Actually, this is about the absence of sex and how that void somehow is filled with something no one can quite put their finger on when talking about platonic friendships between women and men. And yes, those friendships are possible. As long as there is no sex.
The phrases “like a brother” and “like a sister” come up often in these kinds of discussions. Jennifer Clapp and Kurt Pennypacker could hardly be any closer. They met three years ago when Pennypacker invited a co-worker out to happy hour and she showed up with her friend Jennifer. Soon they and other friends were hanging out in one big happy group. But Clapp and Pennypacker clicked in a special way.
They had the same sense of humor, and that intangible thing, whatever it is, that draws friends together. When their apartment leases ran out last year, Clapp proposed that they pool their money, find a sweet pad and move in together.
Since doing that they've learned the rules – don't speak to her in the morning unless she speaks to you first, stay out of the kitchen when he's cooking – and life at home hardly could be better.
“We kind of looked up after a year and I was like, ‘I can't believe I live with you,'” says Clapp, 31. “It's just so odd.”
But it works. And it has strengthened their friendship. As roommates, Clapp and Pennypacker have more opportunities to rely on each other, to be there for each other when things aren't going so great. Clapp especially appreciates that her roomie also is willing to not be there at times.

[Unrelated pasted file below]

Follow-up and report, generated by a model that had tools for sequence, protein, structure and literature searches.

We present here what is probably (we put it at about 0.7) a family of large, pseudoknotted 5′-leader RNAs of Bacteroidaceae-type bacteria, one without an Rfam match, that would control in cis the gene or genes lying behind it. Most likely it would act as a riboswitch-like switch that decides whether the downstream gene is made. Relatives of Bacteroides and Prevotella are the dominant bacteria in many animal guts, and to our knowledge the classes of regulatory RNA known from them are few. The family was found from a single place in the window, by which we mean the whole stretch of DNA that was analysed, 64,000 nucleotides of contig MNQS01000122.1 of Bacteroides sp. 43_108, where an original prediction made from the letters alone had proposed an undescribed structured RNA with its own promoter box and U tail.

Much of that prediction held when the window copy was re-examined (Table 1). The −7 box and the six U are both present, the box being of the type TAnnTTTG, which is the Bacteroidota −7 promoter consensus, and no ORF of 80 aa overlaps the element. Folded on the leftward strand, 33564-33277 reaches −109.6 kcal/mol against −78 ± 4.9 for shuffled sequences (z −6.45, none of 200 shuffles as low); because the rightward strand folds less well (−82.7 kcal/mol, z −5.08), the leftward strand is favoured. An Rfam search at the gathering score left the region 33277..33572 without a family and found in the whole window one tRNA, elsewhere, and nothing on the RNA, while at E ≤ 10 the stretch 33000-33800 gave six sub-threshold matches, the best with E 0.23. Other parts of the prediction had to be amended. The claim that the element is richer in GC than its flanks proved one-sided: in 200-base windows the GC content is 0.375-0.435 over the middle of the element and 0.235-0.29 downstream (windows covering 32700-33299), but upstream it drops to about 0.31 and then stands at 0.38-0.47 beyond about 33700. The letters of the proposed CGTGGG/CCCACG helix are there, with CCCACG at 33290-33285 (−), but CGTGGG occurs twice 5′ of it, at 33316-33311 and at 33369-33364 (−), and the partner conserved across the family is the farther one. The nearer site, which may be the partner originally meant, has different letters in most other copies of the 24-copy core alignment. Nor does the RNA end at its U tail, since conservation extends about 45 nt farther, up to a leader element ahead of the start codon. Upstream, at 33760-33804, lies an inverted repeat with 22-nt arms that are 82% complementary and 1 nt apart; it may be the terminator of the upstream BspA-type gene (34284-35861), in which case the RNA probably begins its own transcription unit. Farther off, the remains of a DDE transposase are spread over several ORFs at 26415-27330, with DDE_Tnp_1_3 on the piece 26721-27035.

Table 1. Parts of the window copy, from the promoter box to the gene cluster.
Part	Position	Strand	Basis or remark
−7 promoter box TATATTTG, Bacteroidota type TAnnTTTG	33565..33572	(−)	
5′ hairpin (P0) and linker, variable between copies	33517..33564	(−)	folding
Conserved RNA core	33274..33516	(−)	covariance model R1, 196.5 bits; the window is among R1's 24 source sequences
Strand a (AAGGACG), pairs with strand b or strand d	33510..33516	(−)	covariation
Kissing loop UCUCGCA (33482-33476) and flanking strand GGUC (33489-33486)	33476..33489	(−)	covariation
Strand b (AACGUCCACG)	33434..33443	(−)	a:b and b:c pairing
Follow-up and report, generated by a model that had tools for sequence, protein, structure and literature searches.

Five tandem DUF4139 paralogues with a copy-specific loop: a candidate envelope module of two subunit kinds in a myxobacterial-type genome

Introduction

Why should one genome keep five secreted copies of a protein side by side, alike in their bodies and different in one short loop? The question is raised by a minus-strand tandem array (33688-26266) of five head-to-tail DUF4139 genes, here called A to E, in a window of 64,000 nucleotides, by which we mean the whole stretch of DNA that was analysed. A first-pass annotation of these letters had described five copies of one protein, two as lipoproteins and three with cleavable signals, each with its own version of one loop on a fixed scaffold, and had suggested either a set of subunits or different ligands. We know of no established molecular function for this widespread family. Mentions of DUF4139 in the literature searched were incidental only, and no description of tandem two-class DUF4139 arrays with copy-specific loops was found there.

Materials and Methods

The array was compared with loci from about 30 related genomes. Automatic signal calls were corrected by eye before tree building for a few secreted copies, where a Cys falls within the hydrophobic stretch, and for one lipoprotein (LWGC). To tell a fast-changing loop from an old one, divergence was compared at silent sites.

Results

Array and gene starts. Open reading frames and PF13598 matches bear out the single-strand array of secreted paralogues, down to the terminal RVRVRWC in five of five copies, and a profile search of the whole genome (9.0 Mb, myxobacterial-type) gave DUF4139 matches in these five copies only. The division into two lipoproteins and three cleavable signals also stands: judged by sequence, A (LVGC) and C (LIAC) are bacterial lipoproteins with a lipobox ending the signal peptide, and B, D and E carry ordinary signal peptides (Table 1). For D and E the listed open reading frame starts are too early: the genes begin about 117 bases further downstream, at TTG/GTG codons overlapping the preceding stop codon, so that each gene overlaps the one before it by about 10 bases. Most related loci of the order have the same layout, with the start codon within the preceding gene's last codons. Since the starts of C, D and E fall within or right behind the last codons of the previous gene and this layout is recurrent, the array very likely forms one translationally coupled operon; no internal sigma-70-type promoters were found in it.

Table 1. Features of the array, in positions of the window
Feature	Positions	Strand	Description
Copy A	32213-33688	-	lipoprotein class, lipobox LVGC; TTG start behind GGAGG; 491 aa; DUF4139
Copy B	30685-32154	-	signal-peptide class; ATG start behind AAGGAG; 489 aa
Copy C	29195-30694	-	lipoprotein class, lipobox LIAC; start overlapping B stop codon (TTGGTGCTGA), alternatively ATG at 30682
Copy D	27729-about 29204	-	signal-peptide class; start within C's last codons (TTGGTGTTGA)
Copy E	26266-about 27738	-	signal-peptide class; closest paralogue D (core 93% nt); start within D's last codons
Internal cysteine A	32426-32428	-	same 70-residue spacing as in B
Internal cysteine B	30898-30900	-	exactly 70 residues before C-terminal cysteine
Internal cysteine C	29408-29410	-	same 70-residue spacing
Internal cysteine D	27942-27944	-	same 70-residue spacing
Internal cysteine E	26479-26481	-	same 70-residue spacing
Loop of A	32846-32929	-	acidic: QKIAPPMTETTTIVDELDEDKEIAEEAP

In the literal sense, that might mean moving out for four days, as Pennypacker did to accommodate Clapp's visiting sister and her family. In the figurative sense, not being there usually means knowing when to zip it.
“She'll come home from a bad day, and I'll be like, ‘Do you need a hug?' and she'll be like, ‘No! Leave me alone!'”
Pennypacker has learned to back away slowly in those situations.
“With guys you can say, ‘I don't want to talk right now,' and they're not going to push it,” Clapp says. “Girls tend to be like, ‘Are you sure. ... ?' Kurt is very aware of my space.”
And speaking of personal space, neither party has ever had any interest in crossing the line to romance, though they have dabbled in dating each other's friends.
“I can't really walk around in my underwear at home,” says the 28-year-old Pennypacker. “That's about the only drawback I can think of.”
They both admit, that each of them possesses a bit of the opposite gender's energy. “Kurt's like the nicest guy I've ever met,” she says.
“I cook and clean, but she also watches baseball,” he says.
Stacy Grobe and Glenn Chernyak are platonic friends who met as students at the University of Arizona in the fall of 1996.
“Our friends had a date party and we went together,” says Grobe, 28. “Nothing ever happened. And we've been friends since then.”
Chernyak says there were clear indications that night, a month into their friendship, that romance probably was not in the cards – specifically because they both went home with different people. They laughed about it the next morning on the phone, and haven't been able to shake each other since.
Both rabid Arizona Wildcat basketball fans, they've taken road trips together, sharing the same hotel room and sometimes, admittedly, overindulging at the bar. And still, no spark.
“There's like an invisible wall, or a force field,” says Chernyak.
There was a time earlier this year when they got on each other's nerves so badly that they didn't talk for two months. Something about a road trip to watch basketball. Too much time together, not enough space.
“After that trip.” Grobe says, “we definitely know our limitations.”
Maybe that is the secret to the female-male friendship – putting a little breathing room in the middle, like any good friends should do, regardless of their gender.
One could also do worse than to heed the advice of Pennypacker, the platonic cohabitator and male presence in the Clappypacker apartment: Keep your pants on.
© 2006, Chicago Tribune.
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